Credit Cards are Dirtier Than Cash. Touchless Payment™ to the Rescue?

Mobile payment has been slow to adopt in hospitality, but all signs point to that changing in a post-Coronavirus world, starting with the rise of TabbedOut.
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Don’t Put Your Money Where Your Mouth Is

We’ve been told all our lives that paper money is gross. But in case you didn’t read the title of this article, guess what’s worse? Credit cards. And if you’re a bartender or server, you’re on the front lines touching god knows how many of them a day… so get prepared to be grossed out.

According to a study done by LendEDU the amount of bacteria found on the average credit card is usually about double the amount found on paper denominations.

The study used a numerical scale to compare how credit, cash, and coins stack up. For reference, a score of 10 or below is safe to eat off of.

Here’s what they found (on average):

  • Credit/debit card: 285
  • Card front/chip side: 252
  • Card back/stripe side: 317
  • Cash: 160 (the higher the denomination, the cleaner the cash)
  • Coins: 136
via LendEDU

The scariest part of all of this? They also tested a public restroom in Penn Station in NYC, and it got a germ score of 163. Long story short, you’re carrying around something nastier than a urinal in your pocket.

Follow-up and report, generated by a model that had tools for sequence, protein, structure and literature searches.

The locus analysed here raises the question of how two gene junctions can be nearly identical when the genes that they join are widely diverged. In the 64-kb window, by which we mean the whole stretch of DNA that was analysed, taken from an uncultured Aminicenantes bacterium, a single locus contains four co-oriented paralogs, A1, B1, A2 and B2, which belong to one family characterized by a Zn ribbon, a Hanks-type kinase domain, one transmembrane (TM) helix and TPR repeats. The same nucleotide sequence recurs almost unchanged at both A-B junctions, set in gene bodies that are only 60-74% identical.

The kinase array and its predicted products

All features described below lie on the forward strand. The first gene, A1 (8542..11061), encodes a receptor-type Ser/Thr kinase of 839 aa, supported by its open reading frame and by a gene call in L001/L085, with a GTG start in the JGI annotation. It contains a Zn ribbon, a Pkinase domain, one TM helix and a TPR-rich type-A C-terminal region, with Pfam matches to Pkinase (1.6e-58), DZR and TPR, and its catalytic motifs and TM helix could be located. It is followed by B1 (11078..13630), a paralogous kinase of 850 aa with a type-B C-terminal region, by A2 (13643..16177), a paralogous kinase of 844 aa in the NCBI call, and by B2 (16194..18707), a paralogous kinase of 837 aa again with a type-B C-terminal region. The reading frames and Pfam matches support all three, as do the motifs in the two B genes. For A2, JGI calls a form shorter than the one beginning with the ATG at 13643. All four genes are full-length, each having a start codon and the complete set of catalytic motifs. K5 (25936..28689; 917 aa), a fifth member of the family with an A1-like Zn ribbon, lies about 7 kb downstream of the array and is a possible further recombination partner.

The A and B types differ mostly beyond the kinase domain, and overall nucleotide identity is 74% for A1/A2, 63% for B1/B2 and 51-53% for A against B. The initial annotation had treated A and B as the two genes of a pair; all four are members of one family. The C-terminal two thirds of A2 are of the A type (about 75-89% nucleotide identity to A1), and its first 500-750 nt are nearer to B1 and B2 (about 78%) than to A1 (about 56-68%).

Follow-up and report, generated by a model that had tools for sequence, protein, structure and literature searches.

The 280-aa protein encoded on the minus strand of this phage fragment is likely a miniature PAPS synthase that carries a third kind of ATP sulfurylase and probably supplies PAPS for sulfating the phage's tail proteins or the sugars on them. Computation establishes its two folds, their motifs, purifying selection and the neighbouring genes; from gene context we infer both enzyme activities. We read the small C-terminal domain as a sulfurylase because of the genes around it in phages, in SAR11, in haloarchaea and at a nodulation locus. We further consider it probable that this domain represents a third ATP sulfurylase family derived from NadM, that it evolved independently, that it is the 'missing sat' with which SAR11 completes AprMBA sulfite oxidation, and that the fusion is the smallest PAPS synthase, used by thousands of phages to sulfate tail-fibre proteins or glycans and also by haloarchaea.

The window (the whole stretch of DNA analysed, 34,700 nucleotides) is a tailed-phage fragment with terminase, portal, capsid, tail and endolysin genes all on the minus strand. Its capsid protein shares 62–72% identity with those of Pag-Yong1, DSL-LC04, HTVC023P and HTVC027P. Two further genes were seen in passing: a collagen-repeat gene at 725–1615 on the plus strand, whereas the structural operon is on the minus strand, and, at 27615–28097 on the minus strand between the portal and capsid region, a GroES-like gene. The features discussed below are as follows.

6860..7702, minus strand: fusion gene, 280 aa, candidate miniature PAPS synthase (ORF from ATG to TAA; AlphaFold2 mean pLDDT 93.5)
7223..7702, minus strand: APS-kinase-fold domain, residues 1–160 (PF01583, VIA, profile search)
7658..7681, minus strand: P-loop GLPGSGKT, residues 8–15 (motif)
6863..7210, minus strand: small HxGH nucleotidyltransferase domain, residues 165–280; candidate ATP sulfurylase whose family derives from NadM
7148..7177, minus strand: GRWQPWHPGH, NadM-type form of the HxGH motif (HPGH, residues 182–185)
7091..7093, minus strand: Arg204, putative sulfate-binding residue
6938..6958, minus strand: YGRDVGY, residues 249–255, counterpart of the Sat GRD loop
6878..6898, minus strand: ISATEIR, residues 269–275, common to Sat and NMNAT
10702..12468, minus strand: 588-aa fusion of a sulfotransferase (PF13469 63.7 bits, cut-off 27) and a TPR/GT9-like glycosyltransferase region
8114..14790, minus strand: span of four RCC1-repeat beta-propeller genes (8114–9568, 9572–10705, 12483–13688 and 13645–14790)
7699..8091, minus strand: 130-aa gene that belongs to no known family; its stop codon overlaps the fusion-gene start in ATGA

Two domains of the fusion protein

A World Without Credit Cards… Finally

Bart Wolbers, a researcher at Nature Builds Health, has a simple solution to dealing with dirty credit cards, coins, and cash. “Switch to digital payments as much as possible.”

It’s no secret that mobile payment has been slow to adopt in the United States–especially in bars and restaurants. Apple Pay launched six years ago, “…but it didn’t bring about the revolution it hoped it would where mobile payments lead the move toward a cashless society as it had in China,” says Tae Kim with Bloomberg. “Here in the U.S., there just wasn’t a compelling enough reason for many consumers to change their entrenched routines.” But as you’d expect, COVID-19 will change all of that.

A few reasons digital payments are about to explode:

  • No touching = less germs
  • A major increase in speed and security
  • A “cool factor” associated with early tech adopters